Questions tagged [phonetics]

The study of the production and perception of sounds or "phones".

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4
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4answers
2k views

Software request: Spectrograms that represent intensity with a colour gradient

There is a range of computer programs that can represent acoustic energy graphically in a spectrogram. I usually use Praat, which uses a black and white gradient to represent the intensity of energy ...
5
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1answer
652 views

What are Georgian harmonic clusters phonetically?

According to Georgian: A Reading Grammar by Howard I. Aronson, Georgian has many "harmonic clusters" consisting of two consonants pronounced with only a single release. (The consonants must be stops ...
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2answers
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Are there marked/“hard” phonemes that are acquired very late or never by a substantial number of speakers?

Marked phonemes are those that require more effort during articulation or are "harder" to articulate. For example, the interdental fricatives /θ/ and /ð/ are considered to be marked. Marked phonemes ...
6
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1answer
1k views

How do sentence intonation and (syllable-based) tone interact in tone languages?

Tone languages use intonation to distinguish words. For example, in Mandarin Chinese mā with a mid tone means mom mǎ with a rising tone means horse Intonation languages do not make such distinctions....
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0answers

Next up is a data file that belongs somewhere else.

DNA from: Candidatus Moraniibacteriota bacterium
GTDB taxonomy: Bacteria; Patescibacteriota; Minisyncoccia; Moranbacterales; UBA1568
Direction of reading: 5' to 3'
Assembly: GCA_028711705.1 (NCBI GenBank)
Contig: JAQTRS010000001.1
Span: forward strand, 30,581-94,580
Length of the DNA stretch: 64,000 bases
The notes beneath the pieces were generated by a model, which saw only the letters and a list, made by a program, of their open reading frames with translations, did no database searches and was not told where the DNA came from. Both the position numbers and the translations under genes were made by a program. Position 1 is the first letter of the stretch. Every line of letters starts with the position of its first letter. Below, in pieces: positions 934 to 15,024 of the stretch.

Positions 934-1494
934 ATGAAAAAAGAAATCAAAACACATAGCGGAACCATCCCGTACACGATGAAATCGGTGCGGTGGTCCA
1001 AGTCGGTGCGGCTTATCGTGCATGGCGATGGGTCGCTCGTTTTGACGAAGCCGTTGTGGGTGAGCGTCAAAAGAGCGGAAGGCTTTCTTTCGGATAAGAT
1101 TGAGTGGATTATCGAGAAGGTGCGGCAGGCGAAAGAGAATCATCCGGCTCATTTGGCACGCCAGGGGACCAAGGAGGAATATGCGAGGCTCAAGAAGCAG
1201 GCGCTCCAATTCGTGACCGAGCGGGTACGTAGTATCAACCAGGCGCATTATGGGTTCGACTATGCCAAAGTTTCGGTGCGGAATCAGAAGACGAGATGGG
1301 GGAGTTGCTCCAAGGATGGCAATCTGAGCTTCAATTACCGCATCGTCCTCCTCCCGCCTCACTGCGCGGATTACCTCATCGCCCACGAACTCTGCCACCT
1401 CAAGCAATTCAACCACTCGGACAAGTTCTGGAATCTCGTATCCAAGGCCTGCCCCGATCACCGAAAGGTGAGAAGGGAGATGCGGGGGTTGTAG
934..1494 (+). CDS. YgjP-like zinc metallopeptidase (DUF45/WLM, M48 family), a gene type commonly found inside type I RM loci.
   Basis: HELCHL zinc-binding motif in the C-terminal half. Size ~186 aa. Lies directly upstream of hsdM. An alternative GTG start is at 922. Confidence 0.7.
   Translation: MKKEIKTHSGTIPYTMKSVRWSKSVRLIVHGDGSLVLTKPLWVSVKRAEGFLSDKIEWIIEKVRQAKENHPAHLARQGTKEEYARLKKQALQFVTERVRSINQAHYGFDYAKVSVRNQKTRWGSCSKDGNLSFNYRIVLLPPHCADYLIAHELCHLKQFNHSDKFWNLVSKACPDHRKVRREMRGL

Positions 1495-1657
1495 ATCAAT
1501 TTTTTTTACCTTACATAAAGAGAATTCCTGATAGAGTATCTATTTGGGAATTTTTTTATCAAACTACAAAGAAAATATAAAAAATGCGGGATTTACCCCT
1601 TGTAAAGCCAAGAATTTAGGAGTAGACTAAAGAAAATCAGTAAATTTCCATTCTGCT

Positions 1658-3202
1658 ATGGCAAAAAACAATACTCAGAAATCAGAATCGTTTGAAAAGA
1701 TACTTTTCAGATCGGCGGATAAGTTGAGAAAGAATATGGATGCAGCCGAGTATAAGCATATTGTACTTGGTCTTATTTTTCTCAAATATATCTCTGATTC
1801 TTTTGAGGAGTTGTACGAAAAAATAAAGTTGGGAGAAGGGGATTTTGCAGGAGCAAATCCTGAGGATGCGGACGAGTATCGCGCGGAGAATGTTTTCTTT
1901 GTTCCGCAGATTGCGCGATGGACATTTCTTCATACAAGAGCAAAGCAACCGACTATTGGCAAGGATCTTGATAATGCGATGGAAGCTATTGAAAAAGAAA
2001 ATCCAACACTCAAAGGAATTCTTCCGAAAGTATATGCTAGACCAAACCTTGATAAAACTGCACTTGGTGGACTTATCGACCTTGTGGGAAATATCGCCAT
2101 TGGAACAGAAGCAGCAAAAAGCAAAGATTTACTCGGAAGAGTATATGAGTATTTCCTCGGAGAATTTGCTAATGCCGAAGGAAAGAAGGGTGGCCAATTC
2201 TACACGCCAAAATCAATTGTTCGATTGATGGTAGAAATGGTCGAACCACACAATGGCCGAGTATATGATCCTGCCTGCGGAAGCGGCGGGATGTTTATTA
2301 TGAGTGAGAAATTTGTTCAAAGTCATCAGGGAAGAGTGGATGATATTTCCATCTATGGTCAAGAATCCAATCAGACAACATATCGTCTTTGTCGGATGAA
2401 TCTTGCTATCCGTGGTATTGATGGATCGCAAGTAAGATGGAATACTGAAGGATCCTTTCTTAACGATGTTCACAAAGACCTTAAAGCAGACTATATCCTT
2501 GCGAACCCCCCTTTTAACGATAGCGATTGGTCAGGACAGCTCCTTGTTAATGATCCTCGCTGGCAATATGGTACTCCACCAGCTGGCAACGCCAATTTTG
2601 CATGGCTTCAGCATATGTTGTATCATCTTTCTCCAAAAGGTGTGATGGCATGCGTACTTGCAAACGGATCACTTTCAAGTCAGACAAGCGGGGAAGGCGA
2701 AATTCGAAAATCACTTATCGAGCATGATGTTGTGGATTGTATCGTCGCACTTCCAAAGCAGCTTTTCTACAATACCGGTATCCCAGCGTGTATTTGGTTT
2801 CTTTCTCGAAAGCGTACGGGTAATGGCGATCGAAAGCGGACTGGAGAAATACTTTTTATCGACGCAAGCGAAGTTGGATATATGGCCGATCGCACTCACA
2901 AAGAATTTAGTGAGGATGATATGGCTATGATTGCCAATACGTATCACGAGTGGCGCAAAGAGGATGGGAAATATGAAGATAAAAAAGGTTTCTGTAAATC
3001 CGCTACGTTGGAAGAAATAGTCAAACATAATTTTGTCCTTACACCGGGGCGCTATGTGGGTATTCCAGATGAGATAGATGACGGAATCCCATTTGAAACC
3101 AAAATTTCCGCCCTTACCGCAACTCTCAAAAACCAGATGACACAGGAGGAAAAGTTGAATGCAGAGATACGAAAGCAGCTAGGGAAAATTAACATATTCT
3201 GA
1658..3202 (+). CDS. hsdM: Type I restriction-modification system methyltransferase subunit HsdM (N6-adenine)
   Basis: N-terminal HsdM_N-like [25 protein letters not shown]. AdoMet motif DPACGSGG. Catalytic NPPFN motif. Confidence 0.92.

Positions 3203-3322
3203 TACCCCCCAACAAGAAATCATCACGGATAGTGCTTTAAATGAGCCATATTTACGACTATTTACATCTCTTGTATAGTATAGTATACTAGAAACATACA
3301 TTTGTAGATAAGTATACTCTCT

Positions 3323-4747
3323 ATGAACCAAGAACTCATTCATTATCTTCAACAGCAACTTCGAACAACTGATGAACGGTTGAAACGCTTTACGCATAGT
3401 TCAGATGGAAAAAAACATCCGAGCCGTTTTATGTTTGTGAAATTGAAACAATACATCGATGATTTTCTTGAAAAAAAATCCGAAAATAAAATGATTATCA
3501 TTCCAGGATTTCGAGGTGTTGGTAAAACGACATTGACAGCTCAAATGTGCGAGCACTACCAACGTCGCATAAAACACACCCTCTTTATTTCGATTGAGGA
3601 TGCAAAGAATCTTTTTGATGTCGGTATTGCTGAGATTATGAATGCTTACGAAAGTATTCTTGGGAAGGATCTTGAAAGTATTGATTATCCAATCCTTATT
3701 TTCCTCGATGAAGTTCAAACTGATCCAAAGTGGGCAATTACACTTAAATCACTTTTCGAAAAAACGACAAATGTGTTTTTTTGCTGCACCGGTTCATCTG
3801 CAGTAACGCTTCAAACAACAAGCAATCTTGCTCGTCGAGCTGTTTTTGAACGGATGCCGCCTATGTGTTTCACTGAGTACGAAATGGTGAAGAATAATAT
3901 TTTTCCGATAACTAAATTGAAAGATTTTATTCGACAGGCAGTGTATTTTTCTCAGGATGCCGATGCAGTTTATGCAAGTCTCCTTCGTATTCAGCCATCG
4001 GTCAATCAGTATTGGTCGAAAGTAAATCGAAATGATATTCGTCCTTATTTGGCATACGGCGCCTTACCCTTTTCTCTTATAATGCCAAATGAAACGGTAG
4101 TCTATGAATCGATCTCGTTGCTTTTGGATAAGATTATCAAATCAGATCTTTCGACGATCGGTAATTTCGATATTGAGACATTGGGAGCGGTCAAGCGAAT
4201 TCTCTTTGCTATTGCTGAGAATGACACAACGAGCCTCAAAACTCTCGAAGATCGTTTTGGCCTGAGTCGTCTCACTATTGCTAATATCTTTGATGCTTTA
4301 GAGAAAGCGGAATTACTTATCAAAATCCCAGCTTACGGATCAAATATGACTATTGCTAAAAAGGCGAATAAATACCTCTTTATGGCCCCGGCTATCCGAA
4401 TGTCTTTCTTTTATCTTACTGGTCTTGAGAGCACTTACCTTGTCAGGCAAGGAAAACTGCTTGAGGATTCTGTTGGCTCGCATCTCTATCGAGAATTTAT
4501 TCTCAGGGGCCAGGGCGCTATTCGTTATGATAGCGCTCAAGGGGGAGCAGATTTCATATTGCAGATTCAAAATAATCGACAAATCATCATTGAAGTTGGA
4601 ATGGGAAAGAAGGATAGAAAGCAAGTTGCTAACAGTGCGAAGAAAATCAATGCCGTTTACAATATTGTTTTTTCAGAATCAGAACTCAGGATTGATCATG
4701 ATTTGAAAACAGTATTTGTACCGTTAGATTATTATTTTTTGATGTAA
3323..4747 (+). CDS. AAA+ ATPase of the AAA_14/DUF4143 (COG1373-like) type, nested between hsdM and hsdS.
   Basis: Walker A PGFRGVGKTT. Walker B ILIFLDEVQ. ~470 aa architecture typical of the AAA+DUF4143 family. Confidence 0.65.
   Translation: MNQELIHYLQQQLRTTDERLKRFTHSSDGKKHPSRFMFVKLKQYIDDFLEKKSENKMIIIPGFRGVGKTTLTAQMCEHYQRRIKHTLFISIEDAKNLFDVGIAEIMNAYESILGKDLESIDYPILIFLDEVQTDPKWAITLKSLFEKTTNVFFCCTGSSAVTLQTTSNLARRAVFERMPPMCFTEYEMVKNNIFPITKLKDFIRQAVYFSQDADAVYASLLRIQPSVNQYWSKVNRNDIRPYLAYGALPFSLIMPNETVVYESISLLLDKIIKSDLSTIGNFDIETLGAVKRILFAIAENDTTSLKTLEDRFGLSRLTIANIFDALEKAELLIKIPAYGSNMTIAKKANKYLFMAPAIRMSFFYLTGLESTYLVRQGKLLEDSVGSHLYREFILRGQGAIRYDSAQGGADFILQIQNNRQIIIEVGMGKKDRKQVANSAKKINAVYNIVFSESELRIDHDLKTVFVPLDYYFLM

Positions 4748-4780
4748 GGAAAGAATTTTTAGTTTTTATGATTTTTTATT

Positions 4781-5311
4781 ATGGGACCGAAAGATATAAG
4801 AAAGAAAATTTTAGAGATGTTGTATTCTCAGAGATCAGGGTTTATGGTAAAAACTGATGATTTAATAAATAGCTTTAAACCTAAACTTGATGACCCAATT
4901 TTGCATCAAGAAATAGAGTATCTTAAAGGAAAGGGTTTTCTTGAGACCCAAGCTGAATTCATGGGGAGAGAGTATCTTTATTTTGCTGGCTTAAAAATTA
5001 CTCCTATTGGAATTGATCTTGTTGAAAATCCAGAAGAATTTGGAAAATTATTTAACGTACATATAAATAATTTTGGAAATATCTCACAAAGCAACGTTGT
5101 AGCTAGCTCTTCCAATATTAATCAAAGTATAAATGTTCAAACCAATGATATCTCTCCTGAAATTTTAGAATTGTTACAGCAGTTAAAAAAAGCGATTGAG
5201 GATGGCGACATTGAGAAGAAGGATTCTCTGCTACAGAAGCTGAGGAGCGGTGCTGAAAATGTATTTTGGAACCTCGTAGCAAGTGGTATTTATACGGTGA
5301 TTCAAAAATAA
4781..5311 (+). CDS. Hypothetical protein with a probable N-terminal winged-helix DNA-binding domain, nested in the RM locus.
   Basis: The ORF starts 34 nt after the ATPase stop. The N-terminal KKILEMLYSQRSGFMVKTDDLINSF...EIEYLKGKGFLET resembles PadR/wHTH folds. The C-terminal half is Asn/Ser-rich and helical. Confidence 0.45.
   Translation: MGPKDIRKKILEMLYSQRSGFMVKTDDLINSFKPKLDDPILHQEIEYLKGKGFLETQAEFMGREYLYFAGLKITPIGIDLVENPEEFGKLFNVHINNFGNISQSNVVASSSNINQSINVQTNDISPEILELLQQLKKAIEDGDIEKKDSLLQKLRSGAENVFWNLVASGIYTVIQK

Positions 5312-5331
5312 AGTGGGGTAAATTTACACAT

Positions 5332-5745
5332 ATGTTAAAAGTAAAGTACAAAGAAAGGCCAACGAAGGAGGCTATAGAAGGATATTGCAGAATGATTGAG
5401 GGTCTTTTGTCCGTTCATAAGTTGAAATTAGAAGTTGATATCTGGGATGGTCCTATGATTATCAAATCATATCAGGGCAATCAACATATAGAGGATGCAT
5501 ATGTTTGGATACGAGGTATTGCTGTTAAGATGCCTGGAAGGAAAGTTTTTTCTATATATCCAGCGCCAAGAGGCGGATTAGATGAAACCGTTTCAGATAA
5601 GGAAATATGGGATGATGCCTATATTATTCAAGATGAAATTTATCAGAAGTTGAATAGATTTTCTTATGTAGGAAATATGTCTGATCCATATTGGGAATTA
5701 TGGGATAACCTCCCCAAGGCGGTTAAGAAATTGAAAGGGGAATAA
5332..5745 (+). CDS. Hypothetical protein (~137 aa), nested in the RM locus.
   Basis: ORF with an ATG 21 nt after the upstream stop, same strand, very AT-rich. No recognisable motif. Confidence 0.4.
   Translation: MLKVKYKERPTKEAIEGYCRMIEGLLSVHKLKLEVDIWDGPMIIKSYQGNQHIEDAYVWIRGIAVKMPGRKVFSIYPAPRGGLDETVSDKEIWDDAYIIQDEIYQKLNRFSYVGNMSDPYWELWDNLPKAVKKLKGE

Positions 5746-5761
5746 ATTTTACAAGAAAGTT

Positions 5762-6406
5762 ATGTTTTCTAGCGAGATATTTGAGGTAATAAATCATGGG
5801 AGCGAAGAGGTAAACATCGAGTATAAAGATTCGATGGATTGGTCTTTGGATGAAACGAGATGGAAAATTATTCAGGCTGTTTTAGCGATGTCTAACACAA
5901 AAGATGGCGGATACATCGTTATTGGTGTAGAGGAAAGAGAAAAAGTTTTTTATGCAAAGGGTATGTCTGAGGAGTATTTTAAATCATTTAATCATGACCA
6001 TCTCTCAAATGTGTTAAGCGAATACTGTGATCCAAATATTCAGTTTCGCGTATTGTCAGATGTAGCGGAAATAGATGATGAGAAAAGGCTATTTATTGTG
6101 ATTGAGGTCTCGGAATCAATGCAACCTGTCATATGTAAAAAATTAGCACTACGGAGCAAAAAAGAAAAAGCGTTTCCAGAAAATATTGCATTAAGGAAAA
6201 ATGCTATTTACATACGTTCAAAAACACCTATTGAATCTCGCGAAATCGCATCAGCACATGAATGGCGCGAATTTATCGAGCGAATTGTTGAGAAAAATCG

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How can I distinguish different consonants in Praat/acoustic analysis?

How can I distinguish different consonants based on acoustic information/spectrographic analysis such as in Praat? Is there a list of acoustic cues for different consonants like there is for average ...
5
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1answer
191 views

Are click sounds accompanied by specific formant transitions?

Is it possible to identify click sounds like [‖ ʘ !] by formant transitions in the surrounding vowels? I know stops and fricatives have that feature. I'm just wondering how the five (main) click ...
2
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1answer
344 views

Is [ɹ] +ATR or -ATR or is that even relevant?

Has there been any investigation into the ATR quality of the central alveolar approximant [ɹ]? It is very vowel-like and I have this theory that it could simply be the result of an advanced tongue ...
11
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3answers
5k views

Common problems in second language pronunciation

Transfer of some phonetic/phonological features from the first language to a second language is common in second language acquisition. For example, aspiration is not phonemic in English. Voiceless ...
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0answers
2k views

Theories on L1 transfer/interference in L2 pronunciation/phonetics/phonology

What theories explain the transfer of phonetic and phonological features from the first language to a second or foreign language? How do these theories differ from each other? Such theories should ...
6
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3answers